Tax might not be an issue that many people think about when they open a savings account, but it is important to be aware of how much tax you are paying, and whether you need to be paying it at all.
If you are on a relatively low income and have funds in a bank or building society savings account, you could be paying tax when you don't need to.
Read on to find out more about how the system works, and how you could make it work to your advantage.
How savings taxes work
If you hold a savings account with a bank or building society, any interest you earn on the funds you invest is effectively classed as income, and is therefore taxable.
The interest you receive is added to your other income and taxed after tax-free allowances, such as the basic personal allowance, have been taken into account.
Most people will see a fifth (20 per cent) of their interest earnings go the taxman. Savers on the higher tax rate (who earn between £31,866 and £150,000 a year) pay 40 per cent, while additional-rate payers (earning more than £150,000 a year) lose 45 per cent of their savings interest.
If your total taxable income is less than your tax-free personal allowance, you can register to receive untaxed savings interest and reclaim any sums you have paid without needing to.
Your personal allowance is the amount you can earn in a year before paying income tax.
Based on your age and your circumstances, it currently ranges from £10,000 to £10,660 a year.
If your income is only slightly higher than your personal allowance, meaning you pay a small amount of income tax, any interest you receive on savings might be taxable at a lower rate of ten per cent, known as the 'starting rate for savings'. You might be able to reclaim any tax that has been deducted at a higher rate in the past.
Registering and reclaiming
If you believe you are entitled to tax-free interest on your savings, you need to register with your bank or building society using the R85 form, which is available from HM Revenue & Customs (HMRC). It might also be possible to register by phone.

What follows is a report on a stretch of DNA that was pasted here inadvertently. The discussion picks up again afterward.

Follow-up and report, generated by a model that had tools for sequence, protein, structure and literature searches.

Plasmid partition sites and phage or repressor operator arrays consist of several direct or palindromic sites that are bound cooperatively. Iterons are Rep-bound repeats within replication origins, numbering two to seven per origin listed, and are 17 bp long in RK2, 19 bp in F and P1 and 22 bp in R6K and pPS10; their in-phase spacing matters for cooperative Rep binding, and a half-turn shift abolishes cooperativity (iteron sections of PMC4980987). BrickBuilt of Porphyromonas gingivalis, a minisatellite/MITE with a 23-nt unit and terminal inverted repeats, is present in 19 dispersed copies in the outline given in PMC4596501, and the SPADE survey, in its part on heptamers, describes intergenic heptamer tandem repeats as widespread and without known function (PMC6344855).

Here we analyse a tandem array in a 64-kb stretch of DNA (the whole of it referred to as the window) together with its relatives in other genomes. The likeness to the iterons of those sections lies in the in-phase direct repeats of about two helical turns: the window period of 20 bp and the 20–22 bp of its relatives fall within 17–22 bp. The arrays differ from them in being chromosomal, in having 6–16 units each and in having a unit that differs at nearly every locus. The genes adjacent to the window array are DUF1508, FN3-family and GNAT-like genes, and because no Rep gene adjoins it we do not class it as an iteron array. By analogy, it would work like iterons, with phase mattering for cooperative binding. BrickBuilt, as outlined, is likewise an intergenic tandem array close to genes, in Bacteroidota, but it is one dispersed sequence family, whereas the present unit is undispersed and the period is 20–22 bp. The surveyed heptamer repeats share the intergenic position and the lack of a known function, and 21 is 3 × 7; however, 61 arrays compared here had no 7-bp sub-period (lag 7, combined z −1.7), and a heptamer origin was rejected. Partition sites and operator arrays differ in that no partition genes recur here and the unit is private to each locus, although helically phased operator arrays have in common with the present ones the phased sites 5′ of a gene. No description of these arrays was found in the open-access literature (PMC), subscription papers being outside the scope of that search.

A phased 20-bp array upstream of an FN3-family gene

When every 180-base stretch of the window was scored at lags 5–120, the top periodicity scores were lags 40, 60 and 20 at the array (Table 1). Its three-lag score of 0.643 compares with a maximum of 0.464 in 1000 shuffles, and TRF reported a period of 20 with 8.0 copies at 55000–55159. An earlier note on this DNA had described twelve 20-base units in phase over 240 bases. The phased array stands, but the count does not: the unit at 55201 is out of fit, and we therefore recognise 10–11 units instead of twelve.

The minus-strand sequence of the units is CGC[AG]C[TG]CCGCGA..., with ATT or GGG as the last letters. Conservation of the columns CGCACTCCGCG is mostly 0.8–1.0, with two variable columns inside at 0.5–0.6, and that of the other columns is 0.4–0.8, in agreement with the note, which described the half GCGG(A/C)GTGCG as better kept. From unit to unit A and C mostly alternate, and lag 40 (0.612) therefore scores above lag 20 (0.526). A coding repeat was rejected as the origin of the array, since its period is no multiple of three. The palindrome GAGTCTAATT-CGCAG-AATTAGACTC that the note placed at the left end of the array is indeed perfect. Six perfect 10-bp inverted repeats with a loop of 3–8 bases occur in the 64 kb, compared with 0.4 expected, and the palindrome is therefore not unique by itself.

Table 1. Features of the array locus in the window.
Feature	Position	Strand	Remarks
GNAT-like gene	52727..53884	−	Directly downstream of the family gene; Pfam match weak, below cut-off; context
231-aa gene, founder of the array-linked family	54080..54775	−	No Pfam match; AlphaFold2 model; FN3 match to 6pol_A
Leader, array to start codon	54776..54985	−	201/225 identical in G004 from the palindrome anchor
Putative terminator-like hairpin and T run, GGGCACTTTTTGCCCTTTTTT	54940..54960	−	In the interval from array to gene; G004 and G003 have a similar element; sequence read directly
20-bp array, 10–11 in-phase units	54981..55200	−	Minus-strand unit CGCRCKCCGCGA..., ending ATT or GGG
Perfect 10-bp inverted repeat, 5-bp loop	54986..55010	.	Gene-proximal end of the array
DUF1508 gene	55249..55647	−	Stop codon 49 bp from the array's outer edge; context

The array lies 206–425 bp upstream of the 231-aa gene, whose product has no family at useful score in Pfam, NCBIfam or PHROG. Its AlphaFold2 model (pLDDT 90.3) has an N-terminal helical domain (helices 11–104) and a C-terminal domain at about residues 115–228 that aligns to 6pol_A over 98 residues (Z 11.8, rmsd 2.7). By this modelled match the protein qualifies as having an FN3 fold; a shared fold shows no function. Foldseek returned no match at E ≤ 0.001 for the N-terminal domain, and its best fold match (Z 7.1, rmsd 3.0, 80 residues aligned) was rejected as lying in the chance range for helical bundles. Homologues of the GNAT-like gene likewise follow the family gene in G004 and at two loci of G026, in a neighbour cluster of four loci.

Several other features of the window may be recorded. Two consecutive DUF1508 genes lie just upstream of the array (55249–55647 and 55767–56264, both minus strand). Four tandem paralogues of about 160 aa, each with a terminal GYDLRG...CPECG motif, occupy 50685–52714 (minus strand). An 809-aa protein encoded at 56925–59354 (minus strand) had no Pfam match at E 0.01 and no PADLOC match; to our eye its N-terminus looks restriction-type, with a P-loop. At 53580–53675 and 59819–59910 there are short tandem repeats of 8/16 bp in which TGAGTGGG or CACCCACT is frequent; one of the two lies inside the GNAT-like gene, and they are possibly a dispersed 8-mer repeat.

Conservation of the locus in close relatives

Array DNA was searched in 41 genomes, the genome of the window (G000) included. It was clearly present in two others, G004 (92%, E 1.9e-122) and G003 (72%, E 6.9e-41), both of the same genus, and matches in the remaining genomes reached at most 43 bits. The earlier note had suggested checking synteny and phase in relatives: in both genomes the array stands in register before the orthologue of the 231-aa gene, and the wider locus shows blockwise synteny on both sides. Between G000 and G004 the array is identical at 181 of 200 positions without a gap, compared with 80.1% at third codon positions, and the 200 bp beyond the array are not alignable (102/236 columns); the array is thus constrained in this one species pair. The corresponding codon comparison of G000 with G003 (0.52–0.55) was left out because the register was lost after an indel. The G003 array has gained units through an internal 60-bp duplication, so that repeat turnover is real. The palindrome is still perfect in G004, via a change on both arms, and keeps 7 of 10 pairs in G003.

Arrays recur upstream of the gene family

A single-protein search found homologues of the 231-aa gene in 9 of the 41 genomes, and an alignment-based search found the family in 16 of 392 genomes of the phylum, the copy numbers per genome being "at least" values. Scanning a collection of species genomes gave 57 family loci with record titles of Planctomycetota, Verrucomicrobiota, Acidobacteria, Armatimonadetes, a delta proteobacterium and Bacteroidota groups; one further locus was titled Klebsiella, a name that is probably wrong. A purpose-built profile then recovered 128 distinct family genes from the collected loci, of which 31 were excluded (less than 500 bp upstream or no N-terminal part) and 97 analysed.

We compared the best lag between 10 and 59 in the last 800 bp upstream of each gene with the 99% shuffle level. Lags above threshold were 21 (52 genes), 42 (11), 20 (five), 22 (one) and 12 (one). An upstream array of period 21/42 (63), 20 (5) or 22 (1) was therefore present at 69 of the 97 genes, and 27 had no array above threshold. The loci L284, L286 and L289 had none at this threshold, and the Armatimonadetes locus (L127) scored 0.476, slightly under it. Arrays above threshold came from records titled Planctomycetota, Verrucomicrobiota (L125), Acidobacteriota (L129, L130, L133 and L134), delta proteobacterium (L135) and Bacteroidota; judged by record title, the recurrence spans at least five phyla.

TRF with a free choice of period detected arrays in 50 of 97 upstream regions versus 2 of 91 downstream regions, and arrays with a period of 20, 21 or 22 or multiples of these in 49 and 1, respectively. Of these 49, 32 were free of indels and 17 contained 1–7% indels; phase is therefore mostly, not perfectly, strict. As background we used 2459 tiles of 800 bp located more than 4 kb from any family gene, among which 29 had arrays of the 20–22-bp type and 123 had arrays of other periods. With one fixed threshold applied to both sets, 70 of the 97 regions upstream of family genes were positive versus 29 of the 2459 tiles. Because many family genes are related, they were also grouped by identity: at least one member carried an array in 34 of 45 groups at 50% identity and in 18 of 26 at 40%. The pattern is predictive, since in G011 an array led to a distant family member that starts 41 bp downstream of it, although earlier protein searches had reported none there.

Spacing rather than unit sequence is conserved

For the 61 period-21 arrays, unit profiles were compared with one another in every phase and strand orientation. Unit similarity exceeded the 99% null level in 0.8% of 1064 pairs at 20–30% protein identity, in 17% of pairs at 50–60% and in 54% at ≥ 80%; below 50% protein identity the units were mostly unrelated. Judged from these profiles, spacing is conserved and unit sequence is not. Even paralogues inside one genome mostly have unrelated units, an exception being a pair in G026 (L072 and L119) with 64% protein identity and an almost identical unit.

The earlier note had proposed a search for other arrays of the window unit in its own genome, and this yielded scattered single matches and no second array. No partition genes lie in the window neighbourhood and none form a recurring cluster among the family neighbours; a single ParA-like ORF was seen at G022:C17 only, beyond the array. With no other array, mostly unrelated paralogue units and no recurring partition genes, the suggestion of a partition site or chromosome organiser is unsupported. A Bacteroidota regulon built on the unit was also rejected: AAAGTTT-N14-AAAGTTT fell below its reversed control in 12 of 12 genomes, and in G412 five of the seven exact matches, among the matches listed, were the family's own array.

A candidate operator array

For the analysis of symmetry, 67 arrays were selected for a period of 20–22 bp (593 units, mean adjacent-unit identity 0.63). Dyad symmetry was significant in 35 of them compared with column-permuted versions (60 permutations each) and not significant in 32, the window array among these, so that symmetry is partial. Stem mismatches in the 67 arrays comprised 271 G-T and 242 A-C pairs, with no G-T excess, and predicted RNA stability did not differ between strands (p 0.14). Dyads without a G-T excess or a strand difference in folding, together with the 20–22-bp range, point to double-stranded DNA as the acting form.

The HMRC website features an R85 tax-free interest checker, which could help you confirm if you are entitled to this benefit.
If you think you have paid too much tax on your savings interest in the past, there are procedures in place to help you reclaim it. Fill in an R40 form for each year you think you paid unnecessary tax, and the amounts paid should be returned to you.
The time limit for submitting your claim is four years from the end of the tax year in question. For instance, if you are claiming for payments made in the 2010-11 financial year, which ended on 5 April 2011, you have until 5 April 2015 to get the necessary documents to HMRC.
One of the easiest and most effective ways of saving substantial chunks of money each year without paying any tax at all is by using an individual savings account (ISA).
On 1 July 2014, Britain welcomed the new ISA (NISA), a change announced in this year's Budget. The NISA offers a number of benefits for savers, including an increase in the tax-free savings allowance from £11,880 to £15,000 each tax year.
Furthermore, consumers now have the flexibility to divide their savings between cash and stocks and shares accounts as they choose. Previously, the amount that could be invested in a cash ISA was capped at half of the overall annual allowance - £5,940.
There is no denying the benefits of ISAs, but the tax-free savings threshold means that people who are planning to save large amounts over the course of a year will need to find other accounts to invest in.
Regular savings accounts can offer attractive rates of interest for customers who are able to deposit certain amounts every month, while instant access accounts provide convenience for people who want to be able to withdraw money quickly and easily.
While interest is taxable on products such as these, they remain useful and potentially beneficial options for consumers working hard to put money away for the future.
The content published on this website is intended to provide information only. The reader should seek advice from experts on the subject matter and independently verify the accuracy and relevance of any information provided here before relying upon it or using it for any reason. You can view our terms and conditions here.